IN YOUR DAILY DOSE: today is research from Boston University School of Medicine that shows biomarkers for Huntington's disease may yield answers to improve treatment for the disease.
MAKING CHANGES: No changes today!
FACT OR FICTION: The life cycle of these little buggers always follow prime numbers, their mating call can be heard most frequently in the early evening, and only live 4-6 weeks above ground. What are they?
In The News
Researchers from Boston University School of Medicine found biomarkers of Huntington’s disease that may help doctors better evaluate the progression of treatment for the disease.
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I provide comfort. My words and actions show my friends and family that I am there for them. I listen patiently and validate their experiences.
Fact or Fiction?
The life cycle of these little buggers always follow prime numbers, their mating call can be heard most frequently in the early evening, and only live 4-6 weeks above ground. What are they?
These insects look just a bit like gigantic flies. Their shrill mating call can be heard more frequently in the early evening, except when large numbers emerge from their lives underground. Brood II is one of the most famous of the cicada groups. They live underground for an astounding 17 years and then emerge for 4-6 weeks to mate and die. According to CBC News:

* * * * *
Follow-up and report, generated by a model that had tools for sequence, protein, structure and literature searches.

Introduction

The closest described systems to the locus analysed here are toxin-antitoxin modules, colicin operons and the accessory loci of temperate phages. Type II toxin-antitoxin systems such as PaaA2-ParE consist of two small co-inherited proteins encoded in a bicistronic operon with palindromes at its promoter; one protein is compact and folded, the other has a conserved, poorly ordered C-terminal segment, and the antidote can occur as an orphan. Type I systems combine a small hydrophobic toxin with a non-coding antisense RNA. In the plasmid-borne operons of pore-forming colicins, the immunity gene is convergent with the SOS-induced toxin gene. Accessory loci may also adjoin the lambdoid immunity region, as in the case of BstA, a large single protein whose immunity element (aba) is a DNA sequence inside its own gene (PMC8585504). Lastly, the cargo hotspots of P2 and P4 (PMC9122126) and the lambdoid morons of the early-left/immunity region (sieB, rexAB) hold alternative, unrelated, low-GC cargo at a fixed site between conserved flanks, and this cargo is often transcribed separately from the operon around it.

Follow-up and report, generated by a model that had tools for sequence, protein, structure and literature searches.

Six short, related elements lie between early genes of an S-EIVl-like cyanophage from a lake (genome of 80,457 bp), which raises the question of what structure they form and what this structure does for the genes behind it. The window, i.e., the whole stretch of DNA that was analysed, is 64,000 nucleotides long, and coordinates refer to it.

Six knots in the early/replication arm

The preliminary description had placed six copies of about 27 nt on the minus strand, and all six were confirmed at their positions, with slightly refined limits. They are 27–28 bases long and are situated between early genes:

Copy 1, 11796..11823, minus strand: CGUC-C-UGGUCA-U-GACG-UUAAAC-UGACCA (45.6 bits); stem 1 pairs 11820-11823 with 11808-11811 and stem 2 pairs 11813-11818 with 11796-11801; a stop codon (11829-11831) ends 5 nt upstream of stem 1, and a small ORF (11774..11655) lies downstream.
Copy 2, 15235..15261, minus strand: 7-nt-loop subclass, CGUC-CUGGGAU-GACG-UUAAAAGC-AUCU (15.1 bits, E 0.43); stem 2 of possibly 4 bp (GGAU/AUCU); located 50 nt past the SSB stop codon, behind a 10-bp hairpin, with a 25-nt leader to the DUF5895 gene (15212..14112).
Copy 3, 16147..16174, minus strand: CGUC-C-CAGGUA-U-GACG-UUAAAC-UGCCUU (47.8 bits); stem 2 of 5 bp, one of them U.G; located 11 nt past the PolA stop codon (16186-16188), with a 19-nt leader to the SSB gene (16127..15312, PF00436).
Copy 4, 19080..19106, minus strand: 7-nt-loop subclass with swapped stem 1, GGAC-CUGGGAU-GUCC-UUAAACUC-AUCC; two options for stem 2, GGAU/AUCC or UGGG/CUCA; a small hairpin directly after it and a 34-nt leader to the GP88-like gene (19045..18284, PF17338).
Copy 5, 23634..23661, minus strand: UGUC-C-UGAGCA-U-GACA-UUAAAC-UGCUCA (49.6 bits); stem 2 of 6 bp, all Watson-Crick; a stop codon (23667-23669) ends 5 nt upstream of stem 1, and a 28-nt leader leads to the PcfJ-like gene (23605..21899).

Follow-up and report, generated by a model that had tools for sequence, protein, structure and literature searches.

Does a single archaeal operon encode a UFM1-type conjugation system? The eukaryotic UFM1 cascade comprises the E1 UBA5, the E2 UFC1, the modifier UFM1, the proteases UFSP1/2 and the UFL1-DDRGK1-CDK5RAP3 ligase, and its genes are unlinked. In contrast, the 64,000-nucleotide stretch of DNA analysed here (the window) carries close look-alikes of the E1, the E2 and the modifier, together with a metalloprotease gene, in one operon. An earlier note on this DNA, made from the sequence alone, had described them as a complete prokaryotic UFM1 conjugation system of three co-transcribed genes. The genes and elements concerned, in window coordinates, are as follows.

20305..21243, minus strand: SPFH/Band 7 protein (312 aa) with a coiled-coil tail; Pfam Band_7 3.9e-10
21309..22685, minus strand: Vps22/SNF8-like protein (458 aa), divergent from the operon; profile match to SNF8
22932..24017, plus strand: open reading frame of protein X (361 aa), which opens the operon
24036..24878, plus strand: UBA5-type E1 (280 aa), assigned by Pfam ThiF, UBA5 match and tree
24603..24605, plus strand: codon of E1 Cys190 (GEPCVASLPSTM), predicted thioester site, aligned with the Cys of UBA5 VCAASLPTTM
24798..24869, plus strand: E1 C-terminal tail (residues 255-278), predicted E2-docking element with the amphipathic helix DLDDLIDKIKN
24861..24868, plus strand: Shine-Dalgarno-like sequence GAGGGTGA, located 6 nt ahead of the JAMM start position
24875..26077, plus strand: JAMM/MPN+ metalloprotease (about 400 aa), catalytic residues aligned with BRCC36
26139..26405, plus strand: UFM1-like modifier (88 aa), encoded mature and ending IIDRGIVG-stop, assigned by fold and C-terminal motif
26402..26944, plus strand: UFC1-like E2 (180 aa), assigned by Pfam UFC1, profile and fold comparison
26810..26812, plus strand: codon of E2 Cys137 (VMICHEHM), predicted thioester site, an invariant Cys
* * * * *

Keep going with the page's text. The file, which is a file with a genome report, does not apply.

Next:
“Researchers and cicada enthusiasts have noted that the life cycles of periodical cicadas are prime numbers, i.e. the figure can't be evenly divided into smaller integers.
There is no reliable explanation for this, but in a recent blog post, the New Yorker magazine cited well-known paleontologist Stephen J. Gould, who suggested that the life cycles of periodical cicadas are an evolutionary survival strategy.
U.S. cicada expert John Cooley points out on Magicicada.org that because periodical cicadas emerge in such staggering numbers, there are enough cicadas to satisfy its predators, while also leaving plenty of insects to mate and continue to propagate the species. Another theory for their long gestation is that it's a holdover from an earlier period of history, when the earth was cooler, and cicadas that learned to live underground longer would be less likely to die in an unexpectedly cool spring.”
Have a wonderful day!
Your Healthy Life America Team